Les Arts Florissants



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The vocal and instrumental ensemble Les Arts Florissants is one of the most renowned and respected early music groups in Europe and around the world. Dedicated to the performance of Baroque music on original instruments, the ensemble was founded in 1979 by the Franco-American harpsichordist and conductor William Christie, and takes its name from a short opera by Marc-Antoine Charpentier. Les Arts Florissants have been largely responsible for the resurgence of interest in France in 17th-century French repertoire as well as in European music of the 17th and 18th centuries more generally. This was repertoire which had, for the most part, been neglected (much of it unearthed from collections in the Bibliothèque Nationale de France) but which is now widely performed and admired.

Since the acclaimed production of Atys by Lully at the Opéra Comique in Paris in 1987, it has been in the field of opera where Les Arts Florissants have found most success. Notable productions include works by Rameau (Les Indes galantes in 1990 and 1999, Hippolyte et Aricie in 1996, Les Boréades in 2003, Les Paladins in 2004), Charpentier (Médée in 1993 and 1994), Handel (Orlando in 1993, Acis and Galatea in 1996, Semele in 1996, Alcinain 1999, Serse in 2003, Hercules in 2004 and 2006), Purcell (King Arthur in 1995, Dido and Aeneas in 2006), Mozart (The Magic Flute in 1994, Die Entführung aus dem Serail at the Opéra du Rhin in 1995) and Monteverdi (the much praised The Return of Ulysses at Aix-en-Provence in 2000, revived in 2002, The Coronation of Poppea in 2005, and L’Orfeo at the Teatro Real de Madrid in 2008).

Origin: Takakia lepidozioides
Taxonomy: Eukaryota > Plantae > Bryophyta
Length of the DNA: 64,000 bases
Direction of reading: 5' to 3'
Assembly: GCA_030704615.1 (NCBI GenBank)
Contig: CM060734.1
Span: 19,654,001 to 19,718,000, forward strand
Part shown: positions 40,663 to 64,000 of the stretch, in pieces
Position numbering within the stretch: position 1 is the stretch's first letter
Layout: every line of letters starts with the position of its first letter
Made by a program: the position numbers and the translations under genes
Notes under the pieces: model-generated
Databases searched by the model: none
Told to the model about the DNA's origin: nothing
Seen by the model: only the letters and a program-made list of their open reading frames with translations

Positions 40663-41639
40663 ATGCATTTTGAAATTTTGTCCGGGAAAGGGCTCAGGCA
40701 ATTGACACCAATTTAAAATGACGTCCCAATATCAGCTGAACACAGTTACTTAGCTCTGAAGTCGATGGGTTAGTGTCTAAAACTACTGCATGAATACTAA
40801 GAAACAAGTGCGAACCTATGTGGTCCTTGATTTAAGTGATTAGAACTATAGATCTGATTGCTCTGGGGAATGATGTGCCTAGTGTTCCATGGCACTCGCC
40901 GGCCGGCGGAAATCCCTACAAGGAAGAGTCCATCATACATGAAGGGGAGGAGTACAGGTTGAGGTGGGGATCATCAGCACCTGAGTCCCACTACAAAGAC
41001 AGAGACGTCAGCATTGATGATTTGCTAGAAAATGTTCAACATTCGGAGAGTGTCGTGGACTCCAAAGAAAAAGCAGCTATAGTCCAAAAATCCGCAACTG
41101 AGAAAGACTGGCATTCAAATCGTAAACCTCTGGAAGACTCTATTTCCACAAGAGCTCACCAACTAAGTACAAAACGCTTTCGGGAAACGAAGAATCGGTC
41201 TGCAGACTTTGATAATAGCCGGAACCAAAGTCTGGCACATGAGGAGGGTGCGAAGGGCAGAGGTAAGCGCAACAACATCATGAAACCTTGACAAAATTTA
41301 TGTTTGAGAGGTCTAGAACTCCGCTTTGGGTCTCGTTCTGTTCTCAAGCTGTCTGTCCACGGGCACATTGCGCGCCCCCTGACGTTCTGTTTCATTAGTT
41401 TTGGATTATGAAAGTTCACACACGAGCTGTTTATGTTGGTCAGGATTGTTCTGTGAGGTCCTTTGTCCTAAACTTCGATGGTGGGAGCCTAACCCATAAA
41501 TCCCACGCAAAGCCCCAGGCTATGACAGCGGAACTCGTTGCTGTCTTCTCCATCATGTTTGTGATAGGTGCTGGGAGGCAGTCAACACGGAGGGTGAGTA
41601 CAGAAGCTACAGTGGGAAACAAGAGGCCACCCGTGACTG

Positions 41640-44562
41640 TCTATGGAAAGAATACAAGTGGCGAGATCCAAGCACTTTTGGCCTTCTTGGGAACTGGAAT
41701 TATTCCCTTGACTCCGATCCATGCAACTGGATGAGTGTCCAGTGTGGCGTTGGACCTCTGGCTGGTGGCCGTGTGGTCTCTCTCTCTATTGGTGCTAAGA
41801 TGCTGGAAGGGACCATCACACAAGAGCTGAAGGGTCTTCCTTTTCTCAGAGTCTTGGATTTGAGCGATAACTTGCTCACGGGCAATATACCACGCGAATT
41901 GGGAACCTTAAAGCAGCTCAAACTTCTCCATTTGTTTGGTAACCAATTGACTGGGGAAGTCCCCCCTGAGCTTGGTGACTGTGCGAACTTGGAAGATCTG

Photos credits: Guy Vivien

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